Friday, December 9, 2016

Causes Of Edema -- Charts

Sunday, December 4, 2016

Toxic Epidermal Necrolysis



Toxic epidermal necrolysis (TEN) is a potentially lifethreatening skin disorder that is most commonly seen secondary to a drug reaction.
In this condition the skin develops a scalded appearance over an extensive area. Some authors consider TEN to be the severe end of a spectrum of skin disorders which includes erythema multiforme and Stevens Johnson syndrome

Clinical Features

  • systemically unwell e.g. pyrexia, tachycardic
  • positive Nikolsky's sign: the epidermis separates with mild lateral pressure


Drugs known to induce Toxic epidermal necrolysis (TEN)

Tuesday, November 29, 2016

A Child Presents With A Skin Lesion With No Other Associated Symptoms.

A 6-year-old child presents with the skin lesions shown below:



The lesions have been present over the last month, and the child has reported no symptoms associated with them. The most likely diagnosis is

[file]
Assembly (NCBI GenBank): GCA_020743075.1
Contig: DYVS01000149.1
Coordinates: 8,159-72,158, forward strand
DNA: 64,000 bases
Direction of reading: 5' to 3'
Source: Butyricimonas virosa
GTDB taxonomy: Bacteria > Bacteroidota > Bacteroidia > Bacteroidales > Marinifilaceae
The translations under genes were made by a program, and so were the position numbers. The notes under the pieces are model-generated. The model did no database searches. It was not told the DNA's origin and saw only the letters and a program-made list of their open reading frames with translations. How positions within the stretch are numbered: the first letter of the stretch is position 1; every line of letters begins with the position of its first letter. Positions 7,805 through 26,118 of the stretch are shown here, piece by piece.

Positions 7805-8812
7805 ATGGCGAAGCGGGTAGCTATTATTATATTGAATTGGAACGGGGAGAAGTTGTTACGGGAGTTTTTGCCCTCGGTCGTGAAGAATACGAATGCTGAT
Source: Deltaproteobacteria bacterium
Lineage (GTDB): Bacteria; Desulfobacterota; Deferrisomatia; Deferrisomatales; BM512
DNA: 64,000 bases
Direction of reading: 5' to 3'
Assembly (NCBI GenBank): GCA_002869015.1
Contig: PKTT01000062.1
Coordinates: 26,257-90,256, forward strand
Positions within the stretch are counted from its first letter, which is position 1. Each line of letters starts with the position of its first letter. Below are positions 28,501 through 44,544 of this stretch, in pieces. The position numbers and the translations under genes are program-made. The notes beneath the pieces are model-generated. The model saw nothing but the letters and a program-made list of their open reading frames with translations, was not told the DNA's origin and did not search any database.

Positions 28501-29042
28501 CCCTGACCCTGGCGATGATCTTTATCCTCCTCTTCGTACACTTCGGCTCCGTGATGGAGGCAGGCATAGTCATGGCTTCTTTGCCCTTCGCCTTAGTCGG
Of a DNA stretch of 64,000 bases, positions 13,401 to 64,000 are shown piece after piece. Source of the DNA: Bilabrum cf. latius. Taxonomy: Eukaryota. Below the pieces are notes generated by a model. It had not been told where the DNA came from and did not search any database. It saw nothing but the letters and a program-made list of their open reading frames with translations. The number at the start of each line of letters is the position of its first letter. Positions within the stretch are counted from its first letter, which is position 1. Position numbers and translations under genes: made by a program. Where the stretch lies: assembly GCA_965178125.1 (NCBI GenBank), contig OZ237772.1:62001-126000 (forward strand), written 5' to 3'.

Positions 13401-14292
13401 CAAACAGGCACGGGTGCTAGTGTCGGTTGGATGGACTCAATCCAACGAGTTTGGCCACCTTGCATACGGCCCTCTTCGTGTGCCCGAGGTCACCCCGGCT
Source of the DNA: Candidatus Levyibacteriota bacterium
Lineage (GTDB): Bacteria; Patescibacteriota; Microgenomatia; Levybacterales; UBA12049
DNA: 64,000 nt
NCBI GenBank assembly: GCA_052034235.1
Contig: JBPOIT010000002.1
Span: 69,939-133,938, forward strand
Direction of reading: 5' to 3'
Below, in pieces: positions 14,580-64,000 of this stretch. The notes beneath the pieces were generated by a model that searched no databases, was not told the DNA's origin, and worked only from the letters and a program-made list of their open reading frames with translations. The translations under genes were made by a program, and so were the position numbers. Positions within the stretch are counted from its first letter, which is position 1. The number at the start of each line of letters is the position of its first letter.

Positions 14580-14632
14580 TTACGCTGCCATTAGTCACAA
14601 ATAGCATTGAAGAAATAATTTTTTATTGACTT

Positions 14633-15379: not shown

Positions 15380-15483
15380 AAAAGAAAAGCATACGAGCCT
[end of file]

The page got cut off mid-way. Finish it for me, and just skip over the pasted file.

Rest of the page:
A) Varicella
B) Herpes zoster
C) Rhus dermatitis
D) Molluscum contagiosum
E) Scabies

The answer is

Saturday, November 26, 2016

Athlete's Foot Or Tinea Pedis



Athlete's foot is also known as tinea pedis. It is usually caused by fungi in the genus Trichophyton and affects the skin on the feet.
Athlete's foot is one of the most common fungal skin infections. 
Athlete's foot fungus may infect any part of the foot, but most often grows between the toes.

Causes And Risk Factors: Athlete's foot spreads easily. You can get it by touching the toes or feet of a person who has it. But most often, people get it by walking barefoot on contaminated surfaces near swimming pools or in locker rooms. The fungi then grow in the shoes, especially if the shoes are so tight that air cannot move around the feet.
Risk factors for getting infected with Athlete's foot are: 
  • Male gender
  • People who frequently wear damp socks or tight fitting shoes
  • Sharing mats, rugs, bed linens, clothes or shoes with someone who has a fungal infection
  • Walking barefoot in public areas where the infection can spread, such as locker rooms, swimming pools, communal baths and showers.
Clinical Features: Athlete's foot usually causes a scaly red rash.